Florian Mueller feels like he's in his glory.
Lawyers from Apple have been on a global winning streak against Samsung's Galaxy tablet. The latest win came in Australia, where a judge stopped the product's import over a patent personally filed by the late Steve Jobs.
To Florian this is a really big deal.
After today's decision, I believe no company in the industry be able to launch any new Android-based touchscreen product in Australia anytime soon without incurring a high risk of another interim injunction. The two patents on which today's ruling is based aren't Galaxy Tab 10.1-specific at all. They will affect all Android-based smartphones and tablet computers, across all vendors.
If Apple wins the Australian case at the end of the main proceeding, all Android-based products will effectively be shut out of the Australian market forever, unless Google or its device maker partners settle with Apple.
Software can be changed. Samsung has already changed its implementation of Android to get around a Dutch injunction against its smartphones. It can do so here.
Unless, of course, Apple can convince courts around the world that only it can make a tablet, under patent claims going forward 20 years. Absent that, competition will happen. The company will be playing whack-a-mole for the next several years, seeking injunctions that can be gotten around as easy as patching a bug in software.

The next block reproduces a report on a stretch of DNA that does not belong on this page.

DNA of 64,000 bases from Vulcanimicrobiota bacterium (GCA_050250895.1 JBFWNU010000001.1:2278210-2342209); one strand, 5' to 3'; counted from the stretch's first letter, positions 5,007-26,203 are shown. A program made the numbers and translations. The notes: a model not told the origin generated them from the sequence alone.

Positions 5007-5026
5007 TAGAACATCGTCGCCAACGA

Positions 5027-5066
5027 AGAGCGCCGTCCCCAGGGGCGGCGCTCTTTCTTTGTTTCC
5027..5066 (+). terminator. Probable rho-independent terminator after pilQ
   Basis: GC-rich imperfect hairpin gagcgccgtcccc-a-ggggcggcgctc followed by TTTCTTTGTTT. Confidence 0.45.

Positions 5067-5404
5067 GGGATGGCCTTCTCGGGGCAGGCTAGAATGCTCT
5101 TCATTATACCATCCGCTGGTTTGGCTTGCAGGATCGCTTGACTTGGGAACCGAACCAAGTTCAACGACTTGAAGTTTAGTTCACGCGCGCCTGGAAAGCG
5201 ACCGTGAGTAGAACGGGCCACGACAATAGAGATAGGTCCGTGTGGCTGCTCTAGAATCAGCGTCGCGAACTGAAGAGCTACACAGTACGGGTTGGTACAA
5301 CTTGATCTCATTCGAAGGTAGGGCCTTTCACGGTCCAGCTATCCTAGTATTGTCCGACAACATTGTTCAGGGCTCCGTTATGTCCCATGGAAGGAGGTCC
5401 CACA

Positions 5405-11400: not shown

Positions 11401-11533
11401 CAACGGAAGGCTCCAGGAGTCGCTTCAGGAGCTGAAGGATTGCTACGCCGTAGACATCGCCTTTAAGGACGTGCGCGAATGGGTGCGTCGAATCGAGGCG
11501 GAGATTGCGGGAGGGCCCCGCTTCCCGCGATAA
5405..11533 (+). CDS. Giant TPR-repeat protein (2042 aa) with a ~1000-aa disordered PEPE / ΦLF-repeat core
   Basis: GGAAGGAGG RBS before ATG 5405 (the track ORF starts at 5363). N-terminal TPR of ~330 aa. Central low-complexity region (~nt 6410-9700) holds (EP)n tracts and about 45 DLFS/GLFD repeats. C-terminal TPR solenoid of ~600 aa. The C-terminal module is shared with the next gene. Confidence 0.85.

This is the nature of technology today. It's driven by software. Hardware is, generally, a commodity, and cheap-as-chips. And while you may be able to claim a patent on some software technique, that doesn't mean someone can't innovate around that technique, or find another way to do the same thing and put that into software.
The issue of software patents has been simmering for years, and there are many claims (as well as fears) that it's putting a lid on innovation, that it's imposing a tax on innovation, that it's a good or a bad thing.
But the nature of software is that you can change it. The nature of software is there are always multiple ways to do something. So software patents are, at the end of the day, silly, a waste of legal resources. You can protect the way you trap mice, but protecting the very act of trapping mice risks infestation.
In the end, even if the idea of software patents is endorsed by every country, and enforced by every court, it won't protect an Apple monopoly on smartphones or tablets. It will just cost money, and time.
Eventually competition is a function of the market, not the law courts. And thank God for that.